In investing, sometimes boring is good. Take toll roads, the relatively humdrum expressways provide a dose of certainty in an unclear Chinese and global economy. The business model couldn’t be simpler. People drive, people pay tolls, owners of toll roads make money. “People don’t really need or want surprises in these stocks. So no surprise is basically good news,” said Patrick Xu, a transportation analyst at Barclays. Zhejiang Expressway (0576.HKG) delivered the goods this week with an earnings release that was inline with Xu’s expectations. Thanks to high dividends and some potentially lucrative side projects in property development – with little risk of going belly up thanks to the steady toll income to finance the projects – investors should be able to expect consistent returns in the year to come despite slower growth in highway traffic. Investors looking to enter the sector can also consider Jiangsu Expressway (0177.HKG), which announces earnings today. The company is perhaps the strongest in the sector with Xu expecting 43% growth in earnings per share in 2013. The company is expected write down a one time charge of roughly $1.2 billion in its earnings as the government removed some tolls on one road, which “will scare some of the investors but it probably won’t really undermine the investability of their stock,” Xu said. If the stock goes down on the announcement, that might be the time to buy.
Too much excitement
Quite the opposite of toll roads, there’s rarely a dull moment for Chinese tutoring firm Ambow Education Holding (AMBO.NYSE) in the past year, even if it’s exciting for all the wrong reasons: First was an internal misconduct probe and then shareholders accusing the company of faking an acquisition attempt. On March 15, the firm’s stock price saw a sudden reversal in its yearlong downward spiral when Baring Private Equity Asia, a 10% stakeholder, launched a bid to take the company private. Ambow shares jumped 50% in one day. That was not to last, however, as three board members resigned, sending the stock back down. The resignations of board members who represent some of the firm’s largest stakeholders indicate a major disagreement, possibly over the buyout, one analyst said. Complicated boardroom drama may make for a compelling story, but it’s bad news for investors who might otherwise be interested in the China’s growing market for private education. Given all the companies’ woes, investors should have sold when the stock jumped 50%, the analyst said. “If you’re a retail investor and you don’t know what’s going on, you shouldn’t be in the game.” With no way of guessing what will happen next, investors hold Ambow stock at their own risk and may want to find the nearest exit.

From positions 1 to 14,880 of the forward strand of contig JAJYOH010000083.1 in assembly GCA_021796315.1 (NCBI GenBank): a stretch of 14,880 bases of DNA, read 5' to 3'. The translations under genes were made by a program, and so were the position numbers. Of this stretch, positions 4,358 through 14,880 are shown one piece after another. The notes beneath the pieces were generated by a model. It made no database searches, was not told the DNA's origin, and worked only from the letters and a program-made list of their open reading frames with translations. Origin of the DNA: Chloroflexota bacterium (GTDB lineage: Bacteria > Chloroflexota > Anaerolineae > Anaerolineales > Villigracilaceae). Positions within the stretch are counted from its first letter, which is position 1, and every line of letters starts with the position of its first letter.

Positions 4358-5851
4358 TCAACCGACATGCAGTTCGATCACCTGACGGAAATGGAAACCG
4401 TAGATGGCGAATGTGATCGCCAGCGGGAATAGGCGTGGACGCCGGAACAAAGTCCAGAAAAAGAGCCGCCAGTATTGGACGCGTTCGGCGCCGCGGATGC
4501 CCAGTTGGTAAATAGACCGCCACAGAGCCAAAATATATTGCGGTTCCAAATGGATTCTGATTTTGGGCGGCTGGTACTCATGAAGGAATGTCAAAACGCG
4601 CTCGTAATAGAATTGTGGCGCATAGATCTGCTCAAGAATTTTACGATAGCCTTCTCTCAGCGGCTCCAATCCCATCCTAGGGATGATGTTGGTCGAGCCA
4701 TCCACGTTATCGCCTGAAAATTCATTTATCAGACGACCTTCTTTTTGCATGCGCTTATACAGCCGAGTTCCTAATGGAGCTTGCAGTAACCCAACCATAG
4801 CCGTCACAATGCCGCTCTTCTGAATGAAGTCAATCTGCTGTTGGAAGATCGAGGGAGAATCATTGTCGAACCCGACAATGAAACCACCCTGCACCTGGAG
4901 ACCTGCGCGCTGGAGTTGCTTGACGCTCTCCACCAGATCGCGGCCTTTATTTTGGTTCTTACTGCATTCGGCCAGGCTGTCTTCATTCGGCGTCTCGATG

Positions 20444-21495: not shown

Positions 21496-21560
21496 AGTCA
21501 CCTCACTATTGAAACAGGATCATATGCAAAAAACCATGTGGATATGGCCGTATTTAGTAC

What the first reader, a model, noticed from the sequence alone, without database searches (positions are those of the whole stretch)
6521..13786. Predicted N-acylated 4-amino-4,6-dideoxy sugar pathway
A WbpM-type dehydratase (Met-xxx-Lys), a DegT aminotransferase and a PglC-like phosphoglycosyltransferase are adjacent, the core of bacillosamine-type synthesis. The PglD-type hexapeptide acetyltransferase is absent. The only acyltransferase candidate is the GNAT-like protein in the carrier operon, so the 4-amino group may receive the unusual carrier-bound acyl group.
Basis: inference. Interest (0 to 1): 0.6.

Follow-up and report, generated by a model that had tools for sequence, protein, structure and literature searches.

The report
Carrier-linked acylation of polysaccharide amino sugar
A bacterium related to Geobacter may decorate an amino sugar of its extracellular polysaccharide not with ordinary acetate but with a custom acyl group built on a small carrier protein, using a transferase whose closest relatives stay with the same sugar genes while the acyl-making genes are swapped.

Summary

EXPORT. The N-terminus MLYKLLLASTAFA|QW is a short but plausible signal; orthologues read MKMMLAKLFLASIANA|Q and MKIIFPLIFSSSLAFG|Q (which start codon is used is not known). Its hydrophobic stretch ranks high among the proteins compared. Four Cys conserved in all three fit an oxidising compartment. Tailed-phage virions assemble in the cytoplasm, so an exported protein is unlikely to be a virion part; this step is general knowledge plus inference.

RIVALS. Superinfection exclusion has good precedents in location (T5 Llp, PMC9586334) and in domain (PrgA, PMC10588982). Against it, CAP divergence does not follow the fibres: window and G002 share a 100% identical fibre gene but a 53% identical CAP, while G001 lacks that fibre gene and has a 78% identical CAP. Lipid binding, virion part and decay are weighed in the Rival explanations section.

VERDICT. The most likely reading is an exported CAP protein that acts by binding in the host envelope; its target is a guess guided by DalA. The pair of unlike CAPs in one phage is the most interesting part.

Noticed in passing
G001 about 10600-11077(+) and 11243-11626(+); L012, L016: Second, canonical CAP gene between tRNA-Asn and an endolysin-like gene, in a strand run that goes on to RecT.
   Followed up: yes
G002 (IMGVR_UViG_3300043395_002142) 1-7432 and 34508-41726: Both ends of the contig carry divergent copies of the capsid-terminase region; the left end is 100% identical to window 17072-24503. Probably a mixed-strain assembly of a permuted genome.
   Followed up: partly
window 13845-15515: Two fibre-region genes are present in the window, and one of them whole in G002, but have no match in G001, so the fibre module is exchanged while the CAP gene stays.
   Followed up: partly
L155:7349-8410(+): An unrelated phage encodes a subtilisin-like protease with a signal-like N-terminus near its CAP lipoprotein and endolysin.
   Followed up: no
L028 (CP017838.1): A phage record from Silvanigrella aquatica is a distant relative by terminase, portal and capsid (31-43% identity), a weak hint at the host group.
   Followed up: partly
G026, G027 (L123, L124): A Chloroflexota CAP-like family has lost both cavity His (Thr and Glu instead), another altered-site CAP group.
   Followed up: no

Ain’t nothing but a 4G thang
China Telecom (CHA.NYSE, 0728.HKG) was obviously looking for attention from investors Wednesday when its chief executive hinted at employing a commonly used standard for its 4G network. China Mobile (CHL.NYSE, 0941.HKG) is by far the kingpin in the forth-generation game at present, but it’s rolling out a network on a China-developed standard of which little, including the price for development, is known. China Telecom’s tentative plan that would focus on major cities sounds like an effort to reduce costs and speed up its network development so that China Mobile doesn’t run away with every last 4G customer in the country. China Unicom (CHU.NYSE, 0762.HKG) hasn’t made an official comment on 4G yet. The problem in China is that no one really knows what the market for the new technology really looks like , or how much can be charged for the service, said CIMB Head of Equities Research for China Bertram Lai. “These are huge unknowns that everybody’s struggling with,” he said from Hong Kong. Regulation is the key to grasping the market. Unfortunately, an amalgam of interests sway regulation in the industry in China, and these are poorly understood, Lai said. One thing is clear, however. The Ministry of Industry and Internet Technology wants a balanced market. “MIIT is a pro-consumer regulator. What they would like to see is three healthy operators,” Lai said. The regulator is holding out on issuing 4G licenses at least until all three companies have a fighting chance. Investors should be wary of buying telco stock on the promise of higher earnings from 4G. The players may come out looking somewhat even in the end.
All is quiet with no new China-related listings in Hong Kong in this week and none slated for next week.